Language Assessment for Children With a Range of Neurodevelopmental Disorders Across Four Languages in South Africa Purpose The purpose of this study is (a) to examine the applicability of a culturally and linguistically adapted measure to assess the receptive and expressive language skills of children with neurodevelopmental disorders (NDDs) in South Africa and then (b) to explore the contributions of 2 additional language measures. ... Research Article
Research Article  |   May 03, 2018
Language Assessment for Children With a Range of Neurodevelopmental Disorders Across Four Languages in South Africa
 
Author Affiliations & Notes
  • MaryAnn Romski
    Georgia State University, Atlanta
  • Juan Bornman
    University of Pretoria, South Africa
  • Rose A. Sevcik
    Georgia State University, Atlanta
  • Kerstin Tönsing
    University of Pretoria, South Africa
  • Andrea Barton-Hulsey
    Georgia State University, Atlanta
  • Refilwe Morwane
    University of Pretoria, South Africa
  • Ani Whitmore
    Georgia State University, Atlanta
  • Robyn White
    University of Pretoria, South Africa
  • Disclosure: The authors have declared that no competing interests existed at the time of publication.
    Disclosure: The authors have declared that no competing interests existed at the time of publication.×
  • Correspondence to MaryAnn Romski: mromski@gsu.edu
  • Andrea Barton-Hulsey is now at the University of Wisconsin-Madison.
    Andrea Barton-Hulsey is now at the University of Wisconsin-Madison.×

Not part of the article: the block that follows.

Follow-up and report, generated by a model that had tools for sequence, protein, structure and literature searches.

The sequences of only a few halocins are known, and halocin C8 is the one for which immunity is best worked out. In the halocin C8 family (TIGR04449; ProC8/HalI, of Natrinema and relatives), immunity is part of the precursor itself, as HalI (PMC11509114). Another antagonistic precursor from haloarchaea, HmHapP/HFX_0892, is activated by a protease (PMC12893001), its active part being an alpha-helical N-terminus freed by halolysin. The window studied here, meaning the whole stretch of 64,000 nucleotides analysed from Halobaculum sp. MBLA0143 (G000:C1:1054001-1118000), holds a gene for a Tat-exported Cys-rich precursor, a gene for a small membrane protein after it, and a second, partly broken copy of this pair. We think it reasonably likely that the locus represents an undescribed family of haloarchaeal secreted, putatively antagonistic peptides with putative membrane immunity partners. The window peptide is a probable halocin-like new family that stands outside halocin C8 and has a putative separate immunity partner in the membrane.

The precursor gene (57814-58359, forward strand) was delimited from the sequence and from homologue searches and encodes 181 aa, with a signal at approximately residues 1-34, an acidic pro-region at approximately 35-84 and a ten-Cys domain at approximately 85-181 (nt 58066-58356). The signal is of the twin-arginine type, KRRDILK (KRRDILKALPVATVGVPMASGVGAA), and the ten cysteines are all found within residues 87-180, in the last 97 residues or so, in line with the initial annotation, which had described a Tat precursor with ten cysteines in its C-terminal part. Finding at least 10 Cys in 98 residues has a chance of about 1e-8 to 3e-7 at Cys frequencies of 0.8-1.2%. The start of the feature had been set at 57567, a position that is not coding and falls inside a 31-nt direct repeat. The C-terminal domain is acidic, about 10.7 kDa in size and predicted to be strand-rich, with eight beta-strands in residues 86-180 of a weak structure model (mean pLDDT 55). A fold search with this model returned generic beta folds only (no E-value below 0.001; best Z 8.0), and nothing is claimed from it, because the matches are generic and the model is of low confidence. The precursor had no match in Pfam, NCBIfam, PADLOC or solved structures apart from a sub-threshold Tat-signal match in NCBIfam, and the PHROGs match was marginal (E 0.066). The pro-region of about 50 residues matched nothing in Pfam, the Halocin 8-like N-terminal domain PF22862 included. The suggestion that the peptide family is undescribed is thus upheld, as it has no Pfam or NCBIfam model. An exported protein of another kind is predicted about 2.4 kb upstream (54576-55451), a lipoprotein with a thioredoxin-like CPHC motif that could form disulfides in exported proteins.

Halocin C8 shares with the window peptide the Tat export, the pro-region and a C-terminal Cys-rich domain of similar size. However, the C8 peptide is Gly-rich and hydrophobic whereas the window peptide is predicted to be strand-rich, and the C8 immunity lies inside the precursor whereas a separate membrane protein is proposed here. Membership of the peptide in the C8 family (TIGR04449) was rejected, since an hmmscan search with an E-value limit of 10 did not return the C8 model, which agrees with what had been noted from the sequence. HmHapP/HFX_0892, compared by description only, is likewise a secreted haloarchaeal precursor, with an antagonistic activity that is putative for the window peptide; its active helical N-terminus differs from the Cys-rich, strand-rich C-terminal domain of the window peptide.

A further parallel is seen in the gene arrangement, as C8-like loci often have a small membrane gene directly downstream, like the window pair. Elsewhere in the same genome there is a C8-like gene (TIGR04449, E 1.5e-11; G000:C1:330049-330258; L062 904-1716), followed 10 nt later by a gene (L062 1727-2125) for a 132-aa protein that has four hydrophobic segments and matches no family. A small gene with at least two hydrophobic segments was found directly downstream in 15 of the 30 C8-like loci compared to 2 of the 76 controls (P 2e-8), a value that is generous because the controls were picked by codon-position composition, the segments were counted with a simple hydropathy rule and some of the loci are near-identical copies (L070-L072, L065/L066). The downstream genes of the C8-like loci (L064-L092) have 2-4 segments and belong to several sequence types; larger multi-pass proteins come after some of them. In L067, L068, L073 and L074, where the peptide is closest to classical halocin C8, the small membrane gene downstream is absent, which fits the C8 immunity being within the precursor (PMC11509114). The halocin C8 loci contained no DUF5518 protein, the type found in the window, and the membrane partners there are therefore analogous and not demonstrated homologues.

• Editor-in-Chief: Krista Wilkinson
    Editor-in-Chief: Krista Wilkinson×
  • Editor: Cynthia Cress
    Editor: Cynthia Cress×
Article Information
Development / International & Global / Language Disorders / Attention, Memory & Executive Functions / Speech, Voice & Prosody / Research Articles
Research Article   |   May 03, 2018
Language Assessment for Children With a Range of Neurodevelopmental Disorders Across Four Languages in South Africa
American Journal of Speech-Language Pathology, May 2018, Vol. 27, 602-615. doi:10.1044/2017_AJSLP-17-0035
History: Received March 19, 2017 , Revised August 24, 2017 , Accepted September 22, 2017
 
American Journal of Speech-Language Pathology, May 2018, Vol. 27, 602-615. doi:10.1044/2017_AJSLP-17-0035
History: Received March 19, 2017; Revised August 24, 2017; Accepted September 22, 2017
Web of Science® Times Cited: 1

Purpose The purpose of this study is (a) to examine the applicability of a culturally and linguistically adapted measure to assess the receptive and expressive language skills of children with neurodevelopmental disorders (NDDs) in South Africa and then (b) to explore the contributions of 2 additional language measures.

Method In Part 1, 100 children with NDD who spoke Afrikaans, isiZulu, Setswana, or South African English were assessed on the culturally and linguistically adapted Mullen Scales of Early Learning (MSEL). Clinicians independently rated the children's language skills on a 3-point scale. In Part 2, the final 20 children to be recruited participated in a caregiver-led interaction, after which the caregiver completed a rating scale about their perceptions of their children's language.

Results Performance on the MSEL was consistent with clinician-rated child language skills. The 2 additional measures confirmed and enriched the description of the child's performance on the MSEL.

Conclusions The translated MSEL and the supplemental measures successfully characterize the language profiles and related skills in children with NDD in multilingual South Africa. Together, these assessment tools can serve a valuable function in guiding the choice of intervention and also may serve as a way to monitor progress.

Acknowledgments
Research reported in the article was supported by the National Institutes of Health Fogarty International Center grant number TW-008999 to MaryAnn Romski. The content is solely the responsibility of the authors and does not necessarily represent the official views of the National Institutes of Health. The authors thank the children, caregivers, teachers, and clinicians who participated in this study. They also thank Marika King for her assistance in double-checking the data.
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